Ray Liotta, the magnetic driving force behind Goodfellas, Something Wild, Marriage Story, and dozens of other memorable roles, passed away this week in his sleep, according to Deadline. He was 67.
It’s a huge loss, not only because Liotta was returning to prominence, but because he was a guy who worked constantly and seemed to truly enjoy it and the people he did it with. He pushed himself; he morphed and adapted. He kissed a guy to try something. It’s always fun to hear him say “Karen!” in every possible manner in Goodfellas, in which he starred in his most iconic role as gangster Henry Hill.
Several co-stars of Liotta’s have spoken out in the news following his death, from Alessandro Nivola, who worked with him in The Many Saints of Newark, to Taron Egerton, who worked with him in the forthcoming Black Bird. But it is most heartening to see Lorraine Bracco, the Karen of Goodfellas, tweet in love and praise of Liotta:
My first memory of Liotta is from Field of Dreams, one of my mother’s favorite movies, shot and filmed in Galena, IL, a few hours due west of where I grew up. We often went on vacation to Galena when I was a kid, and we always made the trek fifteen minutes over the border into Iowa, where the Field of Dreams house sat, cars lined up to visit. The film is weepy, Midwestern dad-core at its finest, indulgently nostalgic and straining to make sense, and Liotta is a fucking revelation in it.
For those who have blocked out commercial-laden screenings of the film, Kevin Costner stars as Ray Kinsella, a down-on-his-luck Iowa farmer who starts hearing a mysterious voice, telling him to build a baseball field in his backyard. You know the refrain: if you build it, they will come. Everyone thinks Kinsella’s crazy, and he is crazy, but he does build it, and they do come. The “they” in question is the Chicago White Sox, Kinsella’s dad’s favorite team, which was accused of throwing the 1919 World Series and faced a subsequent ban from the league. The first of them out in the cornfield is Shoeless Joe Jackson, played by Liotta, who emerges — from purgatory, from nothing — to play ball. As Jackson, Liotta is ethereal but never delicate; poised, but playful. He feels both real and fantastical, like lightning in a bottle. “Is this heaven?” he asks Kinsella, and the movie changes for the better.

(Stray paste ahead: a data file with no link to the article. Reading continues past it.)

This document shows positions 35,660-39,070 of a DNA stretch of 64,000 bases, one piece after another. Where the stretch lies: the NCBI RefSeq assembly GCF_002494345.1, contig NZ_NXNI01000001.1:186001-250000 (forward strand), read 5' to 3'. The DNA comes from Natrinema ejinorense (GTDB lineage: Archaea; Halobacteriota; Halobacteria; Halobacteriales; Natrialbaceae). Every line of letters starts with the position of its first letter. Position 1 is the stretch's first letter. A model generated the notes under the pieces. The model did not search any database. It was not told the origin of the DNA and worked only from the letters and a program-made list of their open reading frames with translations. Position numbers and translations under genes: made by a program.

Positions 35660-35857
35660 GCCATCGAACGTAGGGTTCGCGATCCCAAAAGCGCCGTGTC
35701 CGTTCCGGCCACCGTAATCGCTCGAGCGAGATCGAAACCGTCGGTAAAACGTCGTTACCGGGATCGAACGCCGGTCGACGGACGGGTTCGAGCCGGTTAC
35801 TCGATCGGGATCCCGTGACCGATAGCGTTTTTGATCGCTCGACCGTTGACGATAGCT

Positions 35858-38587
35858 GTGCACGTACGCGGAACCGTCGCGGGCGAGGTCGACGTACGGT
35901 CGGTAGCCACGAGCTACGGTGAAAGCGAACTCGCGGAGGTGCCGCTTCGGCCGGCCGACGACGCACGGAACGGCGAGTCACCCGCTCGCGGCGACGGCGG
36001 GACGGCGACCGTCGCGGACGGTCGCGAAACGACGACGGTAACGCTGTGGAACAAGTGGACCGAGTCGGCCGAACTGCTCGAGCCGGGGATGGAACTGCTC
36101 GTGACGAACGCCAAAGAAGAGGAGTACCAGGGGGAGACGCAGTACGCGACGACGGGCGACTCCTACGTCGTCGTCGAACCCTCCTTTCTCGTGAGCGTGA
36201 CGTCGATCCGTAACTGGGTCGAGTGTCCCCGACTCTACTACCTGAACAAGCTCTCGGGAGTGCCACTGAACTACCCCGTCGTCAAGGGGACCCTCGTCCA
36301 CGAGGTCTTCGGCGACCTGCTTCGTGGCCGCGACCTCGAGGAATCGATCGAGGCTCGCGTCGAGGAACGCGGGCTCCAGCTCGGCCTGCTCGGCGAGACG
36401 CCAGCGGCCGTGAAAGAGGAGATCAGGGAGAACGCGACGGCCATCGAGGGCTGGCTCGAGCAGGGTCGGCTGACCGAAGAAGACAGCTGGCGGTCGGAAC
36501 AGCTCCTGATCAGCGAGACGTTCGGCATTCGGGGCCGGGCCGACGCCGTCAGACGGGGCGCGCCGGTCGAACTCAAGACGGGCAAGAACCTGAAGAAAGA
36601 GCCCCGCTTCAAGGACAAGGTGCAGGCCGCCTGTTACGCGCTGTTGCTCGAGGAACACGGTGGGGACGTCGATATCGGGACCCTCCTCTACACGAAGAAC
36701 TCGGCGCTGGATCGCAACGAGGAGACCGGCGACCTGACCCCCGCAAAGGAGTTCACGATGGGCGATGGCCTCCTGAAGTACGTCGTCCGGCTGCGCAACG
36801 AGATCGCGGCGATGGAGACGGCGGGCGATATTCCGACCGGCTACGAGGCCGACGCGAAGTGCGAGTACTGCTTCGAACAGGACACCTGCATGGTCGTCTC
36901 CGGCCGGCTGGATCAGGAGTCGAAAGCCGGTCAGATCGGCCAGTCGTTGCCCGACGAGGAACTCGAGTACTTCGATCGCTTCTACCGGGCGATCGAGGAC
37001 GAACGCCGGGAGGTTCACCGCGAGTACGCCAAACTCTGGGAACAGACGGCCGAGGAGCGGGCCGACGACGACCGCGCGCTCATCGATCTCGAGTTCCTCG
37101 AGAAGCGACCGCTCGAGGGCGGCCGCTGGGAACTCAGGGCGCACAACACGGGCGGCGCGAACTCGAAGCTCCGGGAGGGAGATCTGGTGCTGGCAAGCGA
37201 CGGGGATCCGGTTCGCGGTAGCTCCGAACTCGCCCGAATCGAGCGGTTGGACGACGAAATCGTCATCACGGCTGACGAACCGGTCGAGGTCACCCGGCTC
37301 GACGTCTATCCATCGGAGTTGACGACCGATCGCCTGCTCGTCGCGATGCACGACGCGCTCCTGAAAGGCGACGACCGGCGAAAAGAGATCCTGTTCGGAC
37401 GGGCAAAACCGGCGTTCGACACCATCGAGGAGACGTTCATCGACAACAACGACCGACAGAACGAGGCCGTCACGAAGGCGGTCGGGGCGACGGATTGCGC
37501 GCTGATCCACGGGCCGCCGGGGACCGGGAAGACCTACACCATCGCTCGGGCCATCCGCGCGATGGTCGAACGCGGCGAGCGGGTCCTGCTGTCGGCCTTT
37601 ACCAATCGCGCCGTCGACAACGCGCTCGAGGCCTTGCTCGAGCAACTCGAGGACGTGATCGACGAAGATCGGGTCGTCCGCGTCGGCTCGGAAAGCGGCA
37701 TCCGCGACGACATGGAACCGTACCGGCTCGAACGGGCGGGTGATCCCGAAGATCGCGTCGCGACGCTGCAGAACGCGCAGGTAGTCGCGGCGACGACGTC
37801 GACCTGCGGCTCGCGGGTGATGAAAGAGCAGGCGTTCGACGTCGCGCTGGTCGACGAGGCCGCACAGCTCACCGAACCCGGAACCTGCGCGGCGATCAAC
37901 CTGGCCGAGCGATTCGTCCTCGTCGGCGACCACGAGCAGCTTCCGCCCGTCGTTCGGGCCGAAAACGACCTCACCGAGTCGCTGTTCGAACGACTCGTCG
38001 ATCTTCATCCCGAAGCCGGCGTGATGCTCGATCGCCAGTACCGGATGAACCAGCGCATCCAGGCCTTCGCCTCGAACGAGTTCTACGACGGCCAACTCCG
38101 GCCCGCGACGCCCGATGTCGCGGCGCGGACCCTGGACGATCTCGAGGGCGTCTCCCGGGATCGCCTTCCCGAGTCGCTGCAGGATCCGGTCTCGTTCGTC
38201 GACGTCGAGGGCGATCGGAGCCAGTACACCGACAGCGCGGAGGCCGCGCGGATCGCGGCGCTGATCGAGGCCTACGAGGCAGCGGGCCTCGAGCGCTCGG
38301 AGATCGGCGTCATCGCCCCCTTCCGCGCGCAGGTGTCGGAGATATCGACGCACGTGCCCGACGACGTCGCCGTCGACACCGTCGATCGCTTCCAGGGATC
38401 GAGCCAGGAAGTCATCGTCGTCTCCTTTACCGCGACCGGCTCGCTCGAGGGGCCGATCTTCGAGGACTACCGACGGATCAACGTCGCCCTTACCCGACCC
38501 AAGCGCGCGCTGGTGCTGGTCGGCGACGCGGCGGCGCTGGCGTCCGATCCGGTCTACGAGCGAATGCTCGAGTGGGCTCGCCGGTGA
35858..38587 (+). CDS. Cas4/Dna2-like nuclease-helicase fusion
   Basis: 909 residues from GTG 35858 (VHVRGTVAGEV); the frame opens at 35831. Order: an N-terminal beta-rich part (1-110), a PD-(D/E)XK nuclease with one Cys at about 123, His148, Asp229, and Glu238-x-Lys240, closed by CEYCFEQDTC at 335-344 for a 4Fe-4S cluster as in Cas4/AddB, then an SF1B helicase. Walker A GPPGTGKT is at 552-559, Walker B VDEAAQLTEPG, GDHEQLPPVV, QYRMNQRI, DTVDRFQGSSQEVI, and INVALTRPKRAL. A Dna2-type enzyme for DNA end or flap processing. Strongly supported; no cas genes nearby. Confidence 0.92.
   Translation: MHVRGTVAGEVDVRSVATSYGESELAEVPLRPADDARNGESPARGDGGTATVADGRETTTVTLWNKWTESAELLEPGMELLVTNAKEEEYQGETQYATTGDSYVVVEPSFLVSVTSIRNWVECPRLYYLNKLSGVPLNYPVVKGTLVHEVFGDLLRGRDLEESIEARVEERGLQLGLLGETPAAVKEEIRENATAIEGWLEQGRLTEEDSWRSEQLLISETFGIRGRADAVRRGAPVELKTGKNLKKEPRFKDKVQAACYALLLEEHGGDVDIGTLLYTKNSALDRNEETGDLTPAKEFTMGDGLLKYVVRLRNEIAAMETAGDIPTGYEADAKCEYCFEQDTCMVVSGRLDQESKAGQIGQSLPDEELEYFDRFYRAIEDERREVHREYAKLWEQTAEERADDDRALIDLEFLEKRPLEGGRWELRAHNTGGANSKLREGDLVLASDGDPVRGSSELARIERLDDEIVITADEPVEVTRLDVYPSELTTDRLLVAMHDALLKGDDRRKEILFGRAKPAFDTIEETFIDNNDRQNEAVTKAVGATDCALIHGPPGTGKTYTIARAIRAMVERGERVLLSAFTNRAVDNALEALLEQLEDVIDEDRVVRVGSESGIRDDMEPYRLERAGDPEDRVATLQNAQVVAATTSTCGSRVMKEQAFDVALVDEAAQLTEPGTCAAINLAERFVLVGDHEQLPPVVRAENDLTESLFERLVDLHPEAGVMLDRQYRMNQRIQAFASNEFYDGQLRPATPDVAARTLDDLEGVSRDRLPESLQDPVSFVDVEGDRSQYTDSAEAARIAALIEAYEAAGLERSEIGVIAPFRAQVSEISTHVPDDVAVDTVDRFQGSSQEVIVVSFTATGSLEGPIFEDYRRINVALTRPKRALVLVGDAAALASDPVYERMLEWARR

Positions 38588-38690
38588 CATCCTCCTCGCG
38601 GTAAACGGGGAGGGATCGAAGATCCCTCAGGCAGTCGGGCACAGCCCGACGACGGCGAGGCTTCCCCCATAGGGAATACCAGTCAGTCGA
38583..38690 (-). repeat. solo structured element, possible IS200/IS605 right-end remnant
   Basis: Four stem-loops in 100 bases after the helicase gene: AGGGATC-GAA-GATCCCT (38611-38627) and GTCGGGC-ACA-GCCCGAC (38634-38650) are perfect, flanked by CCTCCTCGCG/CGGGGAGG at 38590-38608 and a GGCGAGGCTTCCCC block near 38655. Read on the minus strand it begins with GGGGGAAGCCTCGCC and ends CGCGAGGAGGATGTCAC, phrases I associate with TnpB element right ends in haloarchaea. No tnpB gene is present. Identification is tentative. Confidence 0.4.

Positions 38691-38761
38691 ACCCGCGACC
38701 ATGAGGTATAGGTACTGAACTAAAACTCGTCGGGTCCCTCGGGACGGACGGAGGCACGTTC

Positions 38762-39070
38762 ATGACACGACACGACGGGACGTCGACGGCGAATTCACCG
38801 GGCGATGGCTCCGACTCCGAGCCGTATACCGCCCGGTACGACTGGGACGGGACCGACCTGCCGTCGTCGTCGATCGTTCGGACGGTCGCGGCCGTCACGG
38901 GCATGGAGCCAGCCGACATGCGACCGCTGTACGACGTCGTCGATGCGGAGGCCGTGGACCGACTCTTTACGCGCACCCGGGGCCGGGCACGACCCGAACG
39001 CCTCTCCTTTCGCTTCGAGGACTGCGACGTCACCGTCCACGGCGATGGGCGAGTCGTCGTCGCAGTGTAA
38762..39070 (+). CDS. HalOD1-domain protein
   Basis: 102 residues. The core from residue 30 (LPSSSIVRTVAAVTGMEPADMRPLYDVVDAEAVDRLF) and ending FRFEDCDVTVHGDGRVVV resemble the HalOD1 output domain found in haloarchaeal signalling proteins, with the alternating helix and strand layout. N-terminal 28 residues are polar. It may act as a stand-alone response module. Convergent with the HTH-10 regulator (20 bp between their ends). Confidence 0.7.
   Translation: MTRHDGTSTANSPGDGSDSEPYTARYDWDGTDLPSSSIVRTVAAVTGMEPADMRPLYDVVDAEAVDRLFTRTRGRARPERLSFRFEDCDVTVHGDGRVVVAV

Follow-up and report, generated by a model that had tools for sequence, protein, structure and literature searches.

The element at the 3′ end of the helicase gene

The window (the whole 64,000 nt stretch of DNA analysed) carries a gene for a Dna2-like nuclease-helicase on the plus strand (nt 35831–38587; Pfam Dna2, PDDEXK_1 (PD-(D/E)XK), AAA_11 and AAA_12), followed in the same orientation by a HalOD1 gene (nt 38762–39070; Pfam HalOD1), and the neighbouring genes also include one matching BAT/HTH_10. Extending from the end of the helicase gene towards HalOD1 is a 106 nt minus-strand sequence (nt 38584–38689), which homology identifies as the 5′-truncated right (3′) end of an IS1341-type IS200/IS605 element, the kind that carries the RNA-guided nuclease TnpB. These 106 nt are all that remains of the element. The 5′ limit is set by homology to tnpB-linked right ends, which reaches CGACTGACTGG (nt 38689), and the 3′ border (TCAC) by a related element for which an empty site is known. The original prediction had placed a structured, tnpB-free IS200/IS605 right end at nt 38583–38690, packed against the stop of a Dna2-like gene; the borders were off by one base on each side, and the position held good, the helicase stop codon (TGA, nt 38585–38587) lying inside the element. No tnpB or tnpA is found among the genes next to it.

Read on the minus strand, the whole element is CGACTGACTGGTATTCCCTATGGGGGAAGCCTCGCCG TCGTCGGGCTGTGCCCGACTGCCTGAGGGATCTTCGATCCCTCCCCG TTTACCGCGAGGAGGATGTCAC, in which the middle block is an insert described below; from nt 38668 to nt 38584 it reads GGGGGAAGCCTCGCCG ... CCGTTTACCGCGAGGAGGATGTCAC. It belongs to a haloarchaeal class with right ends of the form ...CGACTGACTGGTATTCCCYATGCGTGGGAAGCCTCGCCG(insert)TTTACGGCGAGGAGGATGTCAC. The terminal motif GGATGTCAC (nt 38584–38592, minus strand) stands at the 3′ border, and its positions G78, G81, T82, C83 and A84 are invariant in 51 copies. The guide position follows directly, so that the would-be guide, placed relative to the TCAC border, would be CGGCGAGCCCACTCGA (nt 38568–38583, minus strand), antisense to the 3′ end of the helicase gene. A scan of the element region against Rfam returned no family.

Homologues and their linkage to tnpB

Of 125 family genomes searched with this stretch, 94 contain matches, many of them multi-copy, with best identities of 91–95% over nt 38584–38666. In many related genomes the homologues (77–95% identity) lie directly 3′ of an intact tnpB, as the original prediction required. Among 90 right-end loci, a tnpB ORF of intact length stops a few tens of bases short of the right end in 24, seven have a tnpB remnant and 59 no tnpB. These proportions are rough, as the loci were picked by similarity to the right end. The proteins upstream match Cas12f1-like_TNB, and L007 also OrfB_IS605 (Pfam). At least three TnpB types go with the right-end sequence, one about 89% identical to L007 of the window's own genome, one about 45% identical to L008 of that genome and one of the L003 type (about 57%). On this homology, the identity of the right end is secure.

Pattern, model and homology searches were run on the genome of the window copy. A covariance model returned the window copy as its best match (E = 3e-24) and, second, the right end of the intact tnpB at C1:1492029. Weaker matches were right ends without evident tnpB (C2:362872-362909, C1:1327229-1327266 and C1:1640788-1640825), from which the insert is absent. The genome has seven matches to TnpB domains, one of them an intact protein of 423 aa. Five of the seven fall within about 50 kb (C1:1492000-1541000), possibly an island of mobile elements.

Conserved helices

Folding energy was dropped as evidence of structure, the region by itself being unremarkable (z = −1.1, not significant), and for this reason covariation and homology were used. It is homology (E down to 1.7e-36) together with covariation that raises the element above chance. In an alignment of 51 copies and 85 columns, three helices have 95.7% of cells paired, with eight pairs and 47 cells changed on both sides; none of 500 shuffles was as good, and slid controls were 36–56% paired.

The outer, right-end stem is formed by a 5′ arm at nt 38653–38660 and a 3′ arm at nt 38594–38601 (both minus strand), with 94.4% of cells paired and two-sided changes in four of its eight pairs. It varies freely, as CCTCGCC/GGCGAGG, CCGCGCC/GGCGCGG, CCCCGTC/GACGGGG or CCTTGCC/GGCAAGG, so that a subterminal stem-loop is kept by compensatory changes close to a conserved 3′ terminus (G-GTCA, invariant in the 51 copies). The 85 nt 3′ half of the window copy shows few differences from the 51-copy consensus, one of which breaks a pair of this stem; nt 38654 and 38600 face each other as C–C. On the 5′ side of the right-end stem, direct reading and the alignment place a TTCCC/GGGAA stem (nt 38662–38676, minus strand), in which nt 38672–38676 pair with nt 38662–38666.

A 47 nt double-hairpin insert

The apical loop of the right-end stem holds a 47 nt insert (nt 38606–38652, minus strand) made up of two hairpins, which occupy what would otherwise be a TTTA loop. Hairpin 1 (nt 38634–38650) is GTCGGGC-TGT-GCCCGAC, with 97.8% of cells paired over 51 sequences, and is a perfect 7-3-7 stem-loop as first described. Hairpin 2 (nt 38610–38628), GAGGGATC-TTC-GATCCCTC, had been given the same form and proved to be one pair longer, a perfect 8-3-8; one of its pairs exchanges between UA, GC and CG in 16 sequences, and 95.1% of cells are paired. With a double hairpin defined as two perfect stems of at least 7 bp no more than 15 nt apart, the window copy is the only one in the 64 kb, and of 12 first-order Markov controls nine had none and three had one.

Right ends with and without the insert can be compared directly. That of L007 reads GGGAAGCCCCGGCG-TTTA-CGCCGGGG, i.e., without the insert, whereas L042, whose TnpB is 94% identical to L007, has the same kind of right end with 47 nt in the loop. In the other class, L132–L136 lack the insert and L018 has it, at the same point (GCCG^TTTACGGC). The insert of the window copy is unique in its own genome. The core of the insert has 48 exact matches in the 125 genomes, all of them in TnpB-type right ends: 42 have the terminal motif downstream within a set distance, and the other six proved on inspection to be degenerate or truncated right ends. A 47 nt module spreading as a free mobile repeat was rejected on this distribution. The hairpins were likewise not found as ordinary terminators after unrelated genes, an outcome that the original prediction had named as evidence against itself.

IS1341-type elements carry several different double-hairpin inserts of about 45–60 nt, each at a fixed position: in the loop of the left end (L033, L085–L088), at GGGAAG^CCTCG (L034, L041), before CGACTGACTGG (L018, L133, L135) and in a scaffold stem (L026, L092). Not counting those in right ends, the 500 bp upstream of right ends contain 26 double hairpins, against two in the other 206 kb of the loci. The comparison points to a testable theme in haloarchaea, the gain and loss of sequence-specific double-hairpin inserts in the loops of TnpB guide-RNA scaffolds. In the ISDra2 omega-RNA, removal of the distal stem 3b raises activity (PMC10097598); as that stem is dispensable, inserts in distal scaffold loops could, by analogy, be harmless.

Field of Dreams is schlock, but schlock is often cathartic if not wonderful, and the schlock wouldn’t be half as moving without Liotta. His bewitching ballplayer keeps the movie from teetering over the edge into a Lifetime special. It’s that he’s so believably tangible for someone who is either a ghost or an angel or something in-between. That was the magic of Liotta in everything, whether he was a ballplayer, a gangster, a psycho, a video-game character, a lawyer, or a guy: you bought what he was selling, even if it felt beyond real, beyond what we know. He heightened reality just by walking into a frame, eyes big and blue and open, ready to show us something we’d never seen before and wouldn’t see again.